To Your Health
Why modest reform is preferable to single-payer health care.
In the March 23 New York Review of Books, Paul Krugman makes the case for a health-care system that is not only "single payer," meaning that the government handles the finances, but in some respects "single provider," meaning that the government supplies the service directly.
Krugman and his co-author, Robin Wells, correctly diagnose the problem with the Bush administration's pet health-care solution of encouraging people (with tax breaks, naturally) to pay for routine care à la carte instead of through insurance. Like Willie Sutton in reverse, this notion goes where the money isn't. Annual checkups and sore throats aren't bankrupting us: It's the gargantuan cost of treating people who are seriously ill. People who can get insurance against that risk would be insane not to, and the government would be insane to encourage them not to.
Most lucky Americans with good insurance are doubly isolated from financial reality. They don't pay for their health care and they don't even pay for most of their insurance—their employers or the government pays. Of course, one perversity of the current system is that you can lose your insurance either by losing your job if you've got one or by taking a job (and losing Medicaid) if you don't.
Krugman and Wells are persuasive—it's not a hard sell—about the nightmarish complexity and administrative costs of the current fragmented system. But they don't do much more than simply assert that a single, government-run insurance program would be more efficient. Even the most competitive industry can seem wasteful and inefficient when described on paper. Dozens of computer companies making hundreds of different, incompatible models, millions spent on advertising: Wouldn't a single, government-run computer agency producing a few standard models be more efficient? No, it wouldn't. Krugman and Wells duck the issue of rationing—saving money by simply not providing effective treatments that cost too much. They say let's try single-payer first. So, I say let's try some more modest reforms before plunging into single-payer.
Krugman and Wells note repeatedly that 20 percent of the population is responsible for 80 percent of health-care costs. But that doesn't explain why health insurance should be different from other kinds. The small fraction of people involved in auto accidents in any year is responsible for almost all the cost of auto insurance. You insure against the risk of being in that group.
What's different about health insurance is the opposite: Much of it isn't insurance at all but a subsidy. The value of the subsidy is the difference between what the individual pays and what the insurance would cost in the free market. If people were buying health care or insurance with their own money, they might or might not spend too much—whatever "too much" is—but no one else would need to care if they did.
A subsidy has to take from someone and give to someone else. Everybody can't subsidize everybody. Or, to put it another way, society cannot give the average citizen better health care than the average citizen would choose to buy on his or her own. And this is what people want. Krugman and Wells believe that the average citizen will be sated by whatever bonus comes out of single-payer efficiencies. In this day of $100,000-a-year pills, I doubt it.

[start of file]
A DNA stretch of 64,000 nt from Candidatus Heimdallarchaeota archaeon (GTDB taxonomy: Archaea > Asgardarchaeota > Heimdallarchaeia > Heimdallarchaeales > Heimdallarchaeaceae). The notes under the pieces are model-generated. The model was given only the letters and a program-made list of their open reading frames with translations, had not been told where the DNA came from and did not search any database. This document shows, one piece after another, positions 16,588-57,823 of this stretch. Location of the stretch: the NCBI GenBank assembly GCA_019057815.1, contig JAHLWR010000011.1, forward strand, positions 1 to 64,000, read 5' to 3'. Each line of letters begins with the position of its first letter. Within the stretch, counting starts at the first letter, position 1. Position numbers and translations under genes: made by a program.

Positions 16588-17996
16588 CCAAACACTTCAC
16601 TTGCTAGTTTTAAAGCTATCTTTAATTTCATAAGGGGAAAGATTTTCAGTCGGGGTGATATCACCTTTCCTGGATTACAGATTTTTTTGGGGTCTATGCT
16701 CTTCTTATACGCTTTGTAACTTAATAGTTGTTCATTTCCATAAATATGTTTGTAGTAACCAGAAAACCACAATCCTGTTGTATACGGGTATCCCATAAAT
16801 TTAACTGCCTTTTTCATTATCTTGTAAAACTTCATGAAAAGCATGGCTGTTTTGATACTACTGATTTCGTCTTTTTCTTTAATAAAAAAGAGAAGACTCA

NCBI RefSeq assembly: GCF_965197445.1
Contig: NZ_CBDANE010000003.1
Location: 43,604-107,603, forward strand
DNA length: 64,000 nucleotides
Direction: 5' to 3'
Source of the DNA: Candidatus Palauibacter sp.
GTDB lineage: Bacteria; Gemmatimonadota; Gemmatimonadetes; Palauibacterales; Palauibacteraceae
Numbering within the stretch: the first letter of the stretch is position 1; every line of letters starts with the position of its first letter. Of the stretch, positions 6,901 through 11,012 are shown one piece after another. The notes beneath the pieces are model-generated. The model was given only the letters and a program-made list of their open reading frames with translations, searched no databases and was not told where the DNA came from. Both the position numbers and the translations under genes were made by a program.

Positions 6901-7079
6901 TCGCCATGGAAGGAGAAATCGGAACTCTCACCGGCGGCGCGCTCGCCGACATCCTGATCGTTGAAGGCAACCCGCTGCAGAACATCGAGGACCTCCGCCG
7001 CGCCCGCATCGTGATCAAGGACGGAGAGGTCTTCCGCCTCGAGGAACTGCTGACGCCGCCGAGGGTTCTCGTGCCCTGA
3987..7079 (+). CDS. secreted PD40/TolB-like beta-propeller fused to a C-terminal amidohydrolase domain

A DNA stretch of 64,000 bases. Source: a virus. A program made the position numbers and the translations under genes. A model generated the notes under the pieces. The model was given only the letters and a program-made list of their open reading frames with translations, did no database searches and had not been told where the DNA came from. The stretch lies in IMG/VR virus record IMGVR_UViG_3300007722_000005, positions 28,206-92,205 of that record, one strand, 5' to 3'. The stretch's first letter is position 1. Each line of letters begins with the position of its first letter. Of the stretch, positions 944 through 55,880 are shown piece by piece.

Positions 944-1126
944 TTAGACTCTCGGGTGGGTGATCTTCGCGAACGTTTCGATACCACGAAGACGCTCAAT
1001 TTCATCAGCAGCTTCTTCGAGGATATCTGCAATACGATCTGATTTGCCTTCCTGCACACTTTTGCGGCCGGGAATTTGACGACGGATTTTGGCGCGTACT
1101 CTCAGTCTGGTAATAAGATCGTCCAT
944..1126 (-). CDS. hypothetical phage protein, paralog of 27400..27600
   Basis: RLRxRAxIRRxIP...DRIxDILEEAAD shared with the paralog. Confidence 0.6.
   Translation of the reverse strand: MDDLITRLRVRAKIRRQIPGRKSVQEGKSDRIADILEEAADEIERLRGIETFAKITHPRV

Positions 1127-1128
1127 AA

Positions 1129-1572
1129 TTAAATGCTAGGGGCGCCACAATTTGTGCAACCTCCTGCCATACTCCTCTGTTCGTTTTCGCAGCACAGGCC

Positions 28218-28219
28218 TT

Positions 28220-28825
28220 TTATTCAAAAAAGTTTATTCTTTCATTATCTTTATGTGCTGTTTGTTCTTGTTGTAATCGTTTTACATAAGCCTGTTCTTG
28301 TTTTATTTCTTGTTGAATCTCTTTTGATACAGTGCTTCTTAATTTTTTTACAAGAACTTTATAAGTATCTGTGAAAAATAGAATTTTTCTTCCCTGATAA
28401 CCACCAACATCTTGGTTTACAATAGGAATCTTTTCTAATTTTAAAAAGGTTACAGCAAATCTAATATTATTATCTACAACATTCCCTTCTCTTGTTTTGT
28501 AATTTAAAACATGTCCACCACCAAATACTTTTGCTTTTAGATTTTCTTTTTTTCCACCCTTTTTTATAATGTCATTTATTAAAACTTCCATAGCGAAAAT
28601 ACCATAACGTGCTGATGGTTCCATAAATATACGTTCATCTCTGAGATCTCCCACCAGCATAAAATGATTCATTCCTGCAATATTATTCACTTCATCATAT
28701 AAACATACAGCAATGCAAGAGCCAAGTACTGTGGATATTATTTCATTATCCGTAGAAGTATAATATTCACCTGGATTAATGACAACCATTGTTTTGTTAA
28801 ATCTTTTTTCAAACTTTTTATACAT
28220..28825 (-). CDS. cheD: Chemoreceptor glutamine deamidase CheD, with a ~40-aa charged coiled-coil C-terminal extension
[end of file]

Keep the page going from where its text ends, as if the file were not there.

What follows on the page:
Even though we don't do it, most Americans surely think we ought to guarantee decent health care to everyone. In fact, most would probably be uncomfortable saying it's OK to have anything less than equal health care for everybody. Should a poor child die because her family can't afford a medicine that an insured, middle-class parent can pick up at the drugstore? Current government programs don't protect poor people very well against the cost of becoming sick. They do much better at protecting sick people against the risk of becoming poor. People who can afford insurance ought to protect themselves against a catastrophic health expense. But subsidizing this insurance for them is not only unnecessary, it is futile and unfair. No one is better able to afford health care for people of average means or above than they are themselves.
Krugman and Wells say that private insurance is flawed by "adverse selection": Insurance companies will avoid riskier customers. Only a single payer (that is, an insurance monopoly) can insure everybody and spread the risk. But anyone is insurable at some price—a price that reflects the cost they are likely to impose on the insurer. Adverse selection is only a problem to the extent that insurance is not really insurance, but rather a subsidy.
If you're not as hopeful as Krugman and Wells about being able to avoid rationing, you face the question: Should people be allowed to opt out of rationing if they can afford it? That is, if the system (private or single-payer) won't pay for the $100,000 pill, should you be able to pay for it yourself? Fear that this would not be allowed helped to kill the Clinton health-care reform 13 years ago. But explicitly granting some people life and health while denying these things to others is hard, even though this disparity has existed throughout history and is probably unavoidable. In fact, a serious defect of single-payer is that it makes all sorts of unbearable trade-offs explicit government policy, rather than obscuring them in complexities.
Michael Kinsley is a columnist for the Washington Post and the founding editor of Slate.
Photograph of doctor on the Slate home page by Katharina Hesse/Getty Images.